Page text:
Tip 5: After establishing a grid to be used for your web page you can start placing images and shapes to accommodate text blocks. Once your layout is complete, let Photoshop tell you what CSS you’ll need to place each item in your page. Select the image or shape to be placed and use the layers panel menu Copy CSS command to generate CSS directly to the clipboard. This generated CSS can then be pasted into any text editor, such as Dreamweaver or Brackets. Photoshop will even generate CSS3 code for gradients, drop shadows, and rounded corners.



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Using Adobe Bridge Instead of Windows Explorer

Adobe Bridge CC is a separate application that can be downloaded as part of your Creative Cloud subscription. For years it has been an additional application that came with familiar programs like Photoshop, Illustrator, or InDesign. Its real purpose escaped me for years and I mostly ignored its existence. That is until a little over two years ago.

I was doing graphic design work as a contractor for a major hotel chain. Mostly small composited images that went along with weekly articles for an internal newsletter. The number of images could range anywhere from one to two dozen each week. Different brands required different logos, required different color palettes. There were many resources for me to use in different file formats, and that was when I remembered one of the key benefits to using Bridge in a Windows environment.

Take a look at the image below and tell me what the Photoshop, Illustrator, PDF, or InDesign files contain. Pretty much impossible to tell isn’t it. I do know which ones are Photoshop files versus Illustrator files, but that’s about it.


Now take a look at the same folder’s contents using Bridge.


Every file, no matter the format, has a thumbnail that lets me see the actual content. Now imagine you have fifteen different Illustrator logos all for the same brand, each one just a little bit different. Each thumbnail would let me see the subtle differences and allow me to select the correct logo. This may sound incredibly simple, but it is huge when you have hundreds of images you are working with.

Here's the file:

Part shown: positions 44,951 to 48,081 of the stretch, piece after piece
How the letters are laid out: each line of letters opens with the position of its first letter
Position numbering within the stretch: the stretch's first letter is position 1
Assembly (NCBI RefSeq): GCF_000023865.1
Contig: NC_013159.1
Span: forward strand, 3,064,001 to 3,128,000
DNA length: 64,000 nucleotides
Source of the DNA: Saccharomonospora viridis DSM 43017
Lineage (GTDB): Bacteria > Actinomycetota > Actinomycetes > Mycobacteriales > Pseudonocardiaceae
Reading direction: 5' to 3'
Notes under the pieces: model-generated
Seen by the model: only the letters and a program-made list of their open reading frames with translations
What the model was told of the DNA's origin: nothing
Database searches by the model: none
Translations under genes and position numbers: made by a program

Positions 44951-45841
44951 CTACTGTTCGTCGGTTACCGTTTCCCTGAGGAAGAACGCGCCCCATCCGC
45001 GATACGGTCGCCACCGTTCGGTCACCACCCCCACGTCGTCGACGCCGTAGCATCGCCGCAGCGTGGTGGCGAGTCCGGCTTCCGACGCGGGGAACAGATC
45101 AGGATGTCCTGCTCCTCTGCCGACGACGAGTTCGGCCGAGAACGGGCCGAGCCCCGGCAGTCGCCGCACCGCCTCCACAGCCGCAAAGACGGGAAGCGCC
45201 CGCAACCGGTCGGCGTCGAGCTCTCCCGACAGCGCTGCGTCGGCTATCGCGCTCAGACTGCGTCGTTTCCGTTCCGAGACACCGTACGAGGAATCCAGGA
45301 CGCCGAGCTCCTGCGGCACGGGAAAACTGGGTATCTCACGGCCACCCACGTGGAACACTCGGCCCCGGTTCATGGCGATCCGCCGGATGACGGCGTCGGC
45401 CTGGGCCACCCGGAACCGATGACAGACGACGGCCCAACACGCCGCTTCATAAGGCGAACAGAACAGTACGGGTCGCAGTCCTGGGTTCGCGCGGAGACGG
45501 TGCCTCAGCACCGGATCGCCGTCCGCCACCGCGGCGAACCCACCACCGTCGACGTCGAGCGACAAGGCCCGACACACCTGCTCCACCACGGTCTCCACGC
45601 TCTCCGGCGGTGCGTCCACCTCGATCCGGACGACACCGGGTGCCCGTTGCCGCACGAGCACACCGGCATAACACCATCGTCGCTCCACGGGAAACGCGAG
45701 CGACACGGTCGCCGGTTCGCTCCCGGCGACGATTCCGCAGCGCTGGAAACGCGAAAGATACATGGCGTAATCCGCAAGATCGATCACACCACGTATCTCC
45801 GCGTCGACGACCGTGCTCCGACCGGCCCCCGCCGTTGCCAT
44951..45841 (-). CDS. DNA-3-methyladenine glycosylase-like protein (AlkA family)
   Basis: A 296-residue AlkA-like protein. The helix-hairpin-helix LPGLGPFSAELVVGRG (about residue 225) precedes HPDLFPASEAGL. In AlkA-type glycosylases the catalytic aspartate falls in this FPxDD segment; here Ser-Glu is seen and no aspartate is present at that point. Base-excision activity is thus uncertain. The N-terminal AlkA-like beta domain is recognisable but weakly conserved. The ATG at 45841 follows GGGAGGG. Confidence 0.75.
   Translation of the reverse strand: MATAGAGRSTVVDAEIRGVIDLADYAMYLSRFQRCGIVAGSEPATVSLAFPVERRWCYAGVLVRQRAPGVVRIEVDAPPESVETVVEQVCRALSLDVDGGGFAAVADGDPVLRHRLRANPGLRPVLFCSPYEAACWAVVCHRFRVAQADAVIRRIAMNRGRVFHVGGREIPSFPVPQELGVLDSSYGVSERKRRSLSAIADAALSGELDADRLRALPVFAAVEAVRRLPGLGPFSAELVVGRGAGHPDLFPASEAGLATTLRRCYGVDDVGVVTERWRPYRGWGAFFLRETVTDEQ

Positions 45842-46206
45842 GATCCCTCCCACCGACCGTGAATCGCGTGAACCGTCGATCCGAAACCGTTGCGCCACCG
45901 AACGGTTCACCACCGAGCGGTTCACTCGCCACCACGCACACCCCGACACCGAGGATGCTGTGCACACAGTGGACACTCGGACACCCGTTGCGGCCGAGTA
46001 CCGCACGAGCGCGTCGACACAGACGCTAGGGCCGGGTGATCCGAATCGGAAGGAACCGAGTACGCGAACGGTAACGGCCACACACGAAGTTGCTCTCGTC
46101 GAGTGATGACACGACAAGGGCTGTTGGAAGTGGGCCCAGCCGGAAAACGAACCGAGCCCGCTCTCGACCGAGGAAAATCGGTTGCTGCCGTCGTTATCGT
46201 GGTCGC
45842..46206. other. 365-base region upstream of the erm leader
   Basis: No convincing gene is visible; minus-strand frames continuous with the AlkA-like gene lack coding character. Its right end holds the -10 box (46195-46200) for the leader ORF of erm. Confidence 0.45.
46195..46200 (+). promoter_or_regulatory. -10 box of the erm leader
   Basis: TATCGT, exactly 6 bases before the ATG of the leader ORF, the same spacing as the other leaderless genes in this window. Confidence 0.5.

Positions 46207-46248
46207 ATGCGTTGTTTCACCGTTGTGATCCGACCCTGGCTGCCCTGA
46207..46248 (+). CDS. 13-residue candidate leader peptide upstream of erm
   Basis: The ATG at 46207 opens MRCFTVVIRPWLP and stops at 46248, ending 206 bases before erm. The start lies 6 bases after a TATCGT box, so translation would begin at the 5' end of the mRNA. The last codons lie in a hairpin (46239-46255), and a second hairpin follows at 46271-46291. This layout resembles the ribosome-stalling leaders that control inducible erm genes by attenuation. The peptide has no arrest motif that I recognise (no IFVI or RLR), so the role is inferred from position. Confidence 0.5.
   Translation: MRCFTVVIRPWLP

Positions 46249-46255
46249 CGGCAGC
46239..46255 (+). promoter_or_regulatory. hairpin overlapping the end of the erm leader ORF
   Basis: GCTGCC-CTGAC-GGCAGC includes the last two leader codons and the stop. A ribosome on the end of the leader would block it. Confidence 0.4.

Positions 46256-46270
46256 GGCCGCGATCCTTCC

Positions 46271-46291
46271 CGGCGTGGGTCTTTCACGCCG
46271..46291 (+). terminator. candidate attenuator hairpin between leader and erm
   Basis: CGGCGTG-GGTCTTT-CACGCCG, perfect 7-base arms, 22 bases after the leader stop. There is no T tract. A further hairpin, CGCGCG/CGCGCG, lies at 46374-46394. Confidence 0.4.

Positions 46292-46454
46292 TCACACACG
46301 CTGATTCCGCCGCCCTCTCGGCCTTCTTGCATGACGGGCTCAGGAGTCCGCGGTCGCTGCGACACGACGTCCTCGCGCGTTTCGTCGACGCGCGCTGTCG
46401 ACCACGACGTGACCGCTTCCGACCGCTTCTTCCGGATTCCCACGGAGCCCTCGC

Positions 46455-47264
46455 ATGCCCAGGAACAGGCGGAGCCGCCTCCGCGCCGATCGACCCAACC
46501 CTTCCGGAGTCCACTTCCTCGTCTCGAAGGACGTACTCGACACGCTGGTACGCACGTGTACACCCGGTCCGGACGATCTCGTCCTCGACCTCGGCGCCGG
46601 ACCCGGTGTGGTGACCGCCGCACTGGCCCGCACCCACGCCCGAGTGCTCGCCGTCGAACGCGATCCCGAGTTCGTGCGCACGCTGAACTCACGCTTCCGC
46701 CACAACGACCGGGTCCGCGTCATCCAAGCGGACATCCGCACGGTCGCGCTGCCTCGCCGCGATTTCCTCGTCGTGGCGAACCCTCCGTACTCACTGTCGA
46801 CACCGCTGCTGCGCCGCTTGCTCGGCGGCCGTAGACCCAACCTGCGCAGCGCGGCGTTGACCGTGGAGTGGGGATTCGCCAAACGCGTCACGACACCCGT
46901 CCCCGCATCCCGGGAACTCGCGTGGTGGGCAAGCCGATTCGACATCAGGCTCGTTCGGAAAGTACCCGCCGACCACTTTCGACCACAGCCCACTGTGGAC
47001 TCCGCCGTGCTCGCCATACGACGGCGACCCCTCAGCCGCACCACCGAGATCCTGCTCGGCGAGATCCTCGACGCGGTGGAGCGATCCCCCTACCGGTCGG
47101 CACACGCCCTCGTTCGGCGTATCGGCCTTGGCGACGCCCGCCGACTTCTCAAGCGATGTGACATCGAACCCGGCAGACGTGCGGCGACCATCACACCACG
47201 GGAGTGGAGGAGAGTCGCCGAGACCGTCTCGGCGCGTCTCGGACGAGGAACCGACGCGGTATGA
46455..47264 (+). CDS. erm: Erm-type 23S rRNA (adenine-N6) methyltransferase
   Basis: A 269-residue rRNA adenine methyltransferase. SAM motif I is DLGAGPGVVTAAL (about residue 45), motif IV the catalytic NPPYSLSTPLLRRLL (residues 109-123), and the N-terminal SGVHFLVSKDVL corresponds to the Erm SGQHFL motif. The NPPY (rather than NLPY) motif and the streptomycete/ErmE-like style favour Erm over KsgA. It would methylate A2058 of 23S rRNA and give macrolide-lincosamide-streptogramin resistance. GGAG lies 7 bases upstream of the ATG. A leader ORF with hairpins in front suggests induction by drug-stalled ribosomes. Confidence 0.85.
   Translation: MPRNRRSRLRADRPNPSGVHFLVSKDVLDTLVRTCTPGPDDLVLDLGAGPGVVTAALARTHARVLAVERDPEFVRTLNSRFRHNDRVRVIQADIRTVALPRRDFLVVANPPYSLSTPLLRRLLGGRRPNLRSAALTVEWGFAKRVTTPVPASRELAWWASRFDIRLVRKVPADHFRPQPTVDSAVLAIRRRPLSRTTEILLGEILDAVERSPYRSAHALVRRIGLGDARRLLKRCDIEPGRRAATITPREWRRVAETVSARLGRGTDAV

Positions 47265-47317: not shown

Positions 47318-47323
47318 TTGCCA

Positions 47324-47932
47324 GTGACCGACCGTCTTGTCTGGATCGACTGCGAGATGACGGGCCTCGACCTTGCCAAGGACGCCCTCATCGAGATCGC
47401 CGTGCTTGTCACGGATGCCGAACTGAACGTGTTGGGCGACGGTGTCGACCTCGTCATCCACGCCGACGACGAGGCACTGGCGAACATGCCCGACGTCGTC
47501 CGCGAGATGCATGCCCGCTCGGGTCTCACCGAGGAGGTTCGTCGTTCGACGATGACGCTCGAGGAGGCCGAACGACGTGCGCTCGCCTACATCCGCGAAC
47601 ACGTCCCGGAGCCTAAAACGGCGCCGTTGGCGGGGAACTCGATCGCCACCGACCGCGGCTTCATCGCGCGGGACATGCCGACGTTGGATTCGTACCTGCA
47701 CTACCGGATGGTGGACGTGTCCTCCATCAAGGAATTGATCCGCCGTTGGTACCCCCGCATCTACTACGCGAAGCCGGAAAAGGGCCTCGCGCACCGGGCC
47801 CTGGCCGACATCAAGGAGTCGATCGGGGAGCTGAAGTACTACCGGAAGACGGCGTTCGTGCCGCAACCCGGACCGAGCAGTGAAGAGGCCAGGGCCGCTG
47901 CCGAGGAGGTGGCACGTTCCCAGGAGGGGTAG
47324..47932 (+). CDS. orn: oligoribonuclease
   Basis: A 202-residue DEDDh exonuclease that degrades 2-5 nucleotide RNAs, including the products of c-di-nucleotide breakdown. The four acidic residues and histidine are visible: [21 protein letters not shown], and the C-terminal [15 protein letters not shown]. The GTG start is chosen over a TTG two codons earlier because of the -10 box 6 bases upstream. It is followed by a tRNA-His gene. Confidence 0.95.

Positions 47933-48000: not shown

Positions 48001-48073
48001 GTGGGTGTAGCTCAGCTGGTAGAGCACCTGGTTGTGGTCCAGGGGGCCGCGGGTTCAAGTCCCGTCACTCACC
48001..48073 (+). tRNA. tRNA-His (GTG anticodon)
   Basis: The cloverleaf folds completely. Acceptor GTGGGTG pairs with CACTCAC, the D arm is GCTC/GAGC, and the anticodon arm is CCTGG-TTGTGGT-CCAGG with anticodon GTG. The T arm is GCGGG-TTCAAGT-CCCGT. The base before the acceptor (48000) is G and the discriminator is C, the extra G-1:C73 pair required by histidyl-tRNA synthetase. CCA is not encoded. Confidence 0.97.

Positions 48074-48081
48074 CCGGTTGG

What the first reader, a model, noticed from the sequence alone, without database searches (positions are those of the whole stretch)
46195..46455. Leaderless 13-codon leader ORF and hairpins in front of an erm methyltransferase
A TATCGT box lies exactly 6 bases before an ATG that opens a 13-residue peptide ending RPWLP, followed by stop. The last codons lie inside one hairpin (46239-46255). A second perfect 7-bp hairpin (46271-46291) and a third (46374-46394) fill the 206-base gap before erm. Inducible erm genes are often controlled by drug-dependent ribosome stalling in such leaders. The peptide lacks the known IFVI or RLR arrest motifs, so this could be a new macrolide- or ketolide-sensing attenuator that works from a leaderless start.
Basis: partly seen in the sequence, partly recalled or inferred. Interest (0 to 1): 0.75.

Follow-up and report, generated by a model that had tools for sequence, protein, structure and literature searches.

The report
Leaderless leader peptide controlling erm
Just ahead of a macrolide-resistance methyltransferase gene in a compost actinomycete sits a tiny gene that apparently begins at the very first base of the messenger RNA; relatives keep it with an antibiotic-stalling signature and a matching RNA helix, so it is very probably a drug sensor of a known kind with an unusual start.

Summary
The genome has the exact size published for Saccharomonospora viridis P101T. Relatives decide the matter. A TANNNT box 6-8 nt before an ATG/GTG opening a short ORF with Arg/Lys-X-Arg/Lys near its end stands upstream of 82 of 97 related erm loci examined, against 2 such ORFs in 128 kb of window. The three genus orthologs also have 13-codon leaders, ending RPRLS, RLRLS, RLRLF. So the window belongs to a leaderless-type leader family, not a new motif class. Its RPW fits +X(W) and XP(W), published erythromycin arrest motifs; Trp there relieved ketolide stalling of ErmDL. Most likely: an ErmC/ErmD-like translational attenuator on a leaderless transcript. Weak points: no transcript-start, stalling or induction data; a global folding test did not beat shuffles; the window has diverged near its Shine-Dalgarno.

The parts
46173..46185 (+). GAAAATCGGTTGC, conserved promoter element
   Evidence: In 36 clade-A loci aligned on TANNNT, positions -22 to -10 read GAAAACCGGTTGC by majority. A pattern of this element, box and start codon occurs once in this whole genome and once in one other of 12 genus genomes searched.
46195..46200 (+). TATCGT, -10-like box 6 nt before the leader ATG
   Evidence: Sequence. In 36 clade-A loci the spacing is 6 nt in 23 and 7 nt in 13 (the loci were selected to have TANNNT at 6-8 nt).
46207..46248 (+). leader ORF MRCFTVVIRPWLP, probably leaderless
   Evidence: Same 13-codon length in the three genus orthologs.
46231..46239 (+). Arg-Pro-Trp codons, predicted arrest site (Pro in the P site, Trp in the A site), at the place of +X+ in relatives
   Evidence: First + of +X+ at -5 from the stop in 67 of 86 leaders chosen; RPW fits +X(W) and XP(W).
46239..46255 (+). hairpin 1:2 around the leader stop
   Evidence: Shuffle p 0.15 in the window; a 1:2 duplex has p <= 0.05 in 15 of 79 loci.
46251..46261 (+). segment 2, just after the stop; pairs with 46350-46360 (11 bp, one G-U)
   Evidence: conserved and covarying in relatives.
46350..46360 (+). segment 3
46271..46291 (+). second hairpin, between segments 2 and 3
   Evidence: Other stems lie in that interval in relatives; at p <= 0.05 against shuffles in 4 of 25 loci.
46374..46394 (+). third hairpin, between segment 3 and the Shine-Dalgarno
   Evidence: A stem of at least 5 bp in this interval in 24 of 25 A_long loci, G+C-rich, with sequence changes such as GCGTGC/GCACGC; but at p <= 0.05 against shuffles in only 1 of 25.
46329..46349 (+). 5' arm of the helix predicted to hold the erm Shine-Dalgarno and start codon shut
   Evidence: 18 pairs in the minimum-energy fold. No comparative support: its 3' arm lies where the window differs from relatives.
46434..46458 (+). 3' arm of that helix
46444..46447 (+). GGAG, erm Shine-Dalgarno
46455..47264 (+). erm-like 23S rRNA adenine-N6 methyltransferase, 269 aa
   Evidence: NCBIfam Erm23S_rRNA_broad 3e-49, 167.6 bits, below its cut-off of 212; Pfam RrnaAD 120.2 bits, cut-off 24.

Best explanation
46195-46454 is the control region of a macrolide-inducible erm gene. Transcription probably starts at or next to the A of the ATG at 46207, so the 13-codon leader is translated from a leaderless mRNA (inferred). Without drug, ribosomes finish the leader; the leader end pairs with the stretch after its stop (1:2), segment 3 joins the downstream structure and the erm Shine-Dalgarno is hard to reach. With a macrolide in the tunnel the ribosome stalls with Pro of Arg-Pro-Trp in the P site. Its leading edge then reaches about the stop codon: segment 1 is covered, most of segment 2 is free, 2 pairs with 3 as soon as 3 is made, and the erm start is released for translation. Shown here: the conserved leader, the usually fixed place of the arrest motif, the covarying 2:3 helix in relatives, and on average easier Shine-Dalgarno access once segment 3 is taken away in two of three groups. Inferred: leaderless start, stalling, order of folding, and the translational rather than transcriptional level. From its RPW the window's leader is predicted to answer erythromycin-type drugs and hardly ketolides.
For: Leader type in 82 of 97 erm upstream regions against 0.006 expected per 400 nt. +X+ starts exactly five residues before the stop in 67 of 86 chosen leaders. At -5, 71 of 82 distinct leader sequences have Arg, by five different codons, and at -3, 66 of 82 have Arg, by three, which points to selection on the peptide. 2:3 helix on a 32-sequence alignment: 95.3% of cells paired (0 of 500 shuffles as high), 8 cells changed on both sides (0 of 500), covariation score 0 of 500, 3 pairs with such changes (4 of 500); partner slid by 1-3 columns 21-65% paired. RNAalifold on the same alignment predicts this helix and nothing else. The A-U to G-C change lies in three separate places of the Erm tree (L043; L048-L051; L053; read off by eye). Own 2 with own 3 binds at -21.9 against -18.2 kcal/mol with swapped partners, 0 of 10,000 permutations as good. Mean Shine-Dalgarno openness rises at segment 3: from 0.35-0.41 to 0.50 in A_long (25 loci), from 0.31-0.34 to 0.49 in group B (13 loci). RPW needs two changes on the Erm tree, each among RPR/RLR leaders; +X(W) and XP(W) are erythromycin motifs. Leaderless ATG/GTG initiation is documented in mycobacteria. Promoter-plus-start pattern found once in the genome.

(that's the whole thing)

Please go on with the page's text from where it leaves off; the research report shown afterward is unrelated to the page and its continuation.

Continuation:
Add to that some of the filtering features Bridge makes available and you too many find yourself singing its praises. And that barely scratches the surface of what you can do with Bridge. Batch processing, adding meta data and/or keywords, and synchronizing color settings are all tasks that can be performed using Bridge.

It’s all part of your Creative Cloud subscription, check it out.

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Crystal Reports Clear Recent Reports History

Crystal Reports – Clear Recent Reports History

As with most applications, Crystal Reports maintains a history of the last several reports opened so as to facilitate repeated access.


This is a very helpful feature, but there comes a time in every report user’s life when they just want to clear the list and start clean.

Many applications contain a mechanism that allows the user to clear either individual entries or empty the entire list.  Sadly, Crystal Reports contains no such feature. (more…)

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Excel – Mixed Pivot Table Layout

Excel – Mixed Pivot Table Layout

Microsoft Excel Pivot Tables is one of the greatest inventions known to man; second only to those buttery mints they bring you in fancy restaurants.  Even the greatest of ideas are not without their issues.  Take for example the Report Layout feature in Pivot Tables.  Excel gives the user three options with which to display hierarchically (wow; that’s a hard word to spell) related data.